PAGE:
As simple as ballpoint pens appear, they're actually quite the engineering achievement. Basically, there's a barrel that comes in two pieces that houses the reservoir (the ink tube). At the end of the reservoir, there's a tip, and at the end of the tip there's a ball. On each side of the reservoir, within the barrel, there's a spring, and to hold the springs in place are a screw and a clip (one on each end).
What sets the ballpoint pen apart from the pens in the past is the ink. In the past, pens like the quill pen, the reed pen, and the fountain pen used dark India ink. It worked fine, except that it flowed unevenly, took forever to dry and sometimes would dry inside the pen, clogging it up. But in 1943, Hungarian journalist Laszlo Biro came up with the idea to use an ink similar to the ones used by newspapers because they barely smudged, and they dried almost instantly. And to further improve on the idea, he came up with the concept of using a ball at the tip to help distribute the ink more evenly.
The ball is located at the very tip of the pen. It's kept in place by a socket, where it's held tightly, but still allowed enough room to move freely. Gravity forces ink to come out of the reservoir, but the ball keeps it trapped in there--until the ball is rolled, that is. When the ball is rolled across paper, it picks up ink from the reservoir and places it onto the page. The ball also keeps air from getting into the reservoir, which allows the quick-drying ink to stay wet.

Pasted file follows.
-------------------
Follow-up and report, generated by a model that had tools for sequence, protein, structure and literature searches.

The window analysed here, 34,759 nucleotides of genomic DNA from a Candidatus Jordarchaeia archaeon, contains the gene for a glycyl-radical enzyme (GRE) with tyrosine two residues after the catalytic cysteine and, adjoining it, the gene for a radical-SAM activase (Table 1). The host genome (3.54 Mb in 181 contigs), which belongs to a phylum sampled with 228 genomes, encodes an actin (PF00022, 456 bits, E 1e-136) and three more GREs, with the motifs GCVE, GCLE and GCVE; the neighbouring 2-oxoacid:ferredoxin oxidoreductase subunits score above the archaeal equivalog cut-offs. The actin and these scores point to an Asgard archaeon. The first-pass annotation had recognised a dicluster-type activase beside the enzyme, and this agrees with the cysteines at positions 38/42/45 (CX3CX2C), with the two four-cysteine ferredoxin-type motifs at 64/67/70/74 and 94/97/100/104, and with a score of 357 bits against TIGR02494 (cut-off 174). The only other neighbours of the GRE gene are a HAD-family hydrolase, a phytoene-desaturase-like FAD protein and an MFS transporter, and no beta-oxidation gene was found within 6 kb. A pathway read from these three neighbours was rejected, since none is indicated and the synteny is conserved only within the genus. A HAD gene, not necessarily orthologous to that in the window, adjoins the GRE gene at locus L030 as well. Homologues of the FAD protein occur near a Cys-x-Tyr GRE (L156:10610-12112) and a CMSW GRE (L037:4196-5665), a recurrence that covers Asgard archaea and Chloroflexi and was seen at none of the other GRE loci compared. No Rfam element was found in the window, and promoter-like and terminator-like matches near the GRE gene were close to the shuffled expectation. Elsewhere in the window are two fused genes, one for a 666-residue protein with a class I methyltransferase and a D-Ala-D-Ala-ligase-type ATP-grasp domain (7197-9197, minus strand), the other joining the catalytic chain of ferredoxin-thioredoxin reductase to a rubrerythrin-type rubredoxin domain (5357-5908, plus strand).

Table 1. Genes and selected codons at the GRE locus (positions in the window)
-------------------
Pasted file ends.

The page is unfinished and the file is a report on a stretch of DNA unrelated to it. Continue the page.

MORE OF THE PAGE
On the inside of the pen, there are a couple springs that allow the pen to retract. The first spring (ratchet spring) is located inside the bottom half of the barrel (where the tip comes out). The reservoir is put through this spring before it's put through the open end of the barrel. On the other side of the reservoir, there's a spring that's located inside the upper half of the barrel. This spring (the button spring) is connected to a screw and a clip, which are then connected to the button at the end of the pen. When you press this button, it presses down on the button spring, which then forces the reservoir out through the pen. A locking mechanism consisting of tiny pits and teeth interlock with each other to keep the reservoir out of the pen when it's needed for writing, and when it's retracted back into the barrel, they unlock and the reservoir is sprung back inside by the ratchet spring.
Thomas McNish has been writing since 2005, contributing to Salon.com and other online publications. He is working toward his Associate of Science in computer information technology from Hillsborough Community College in Tampa, Fla.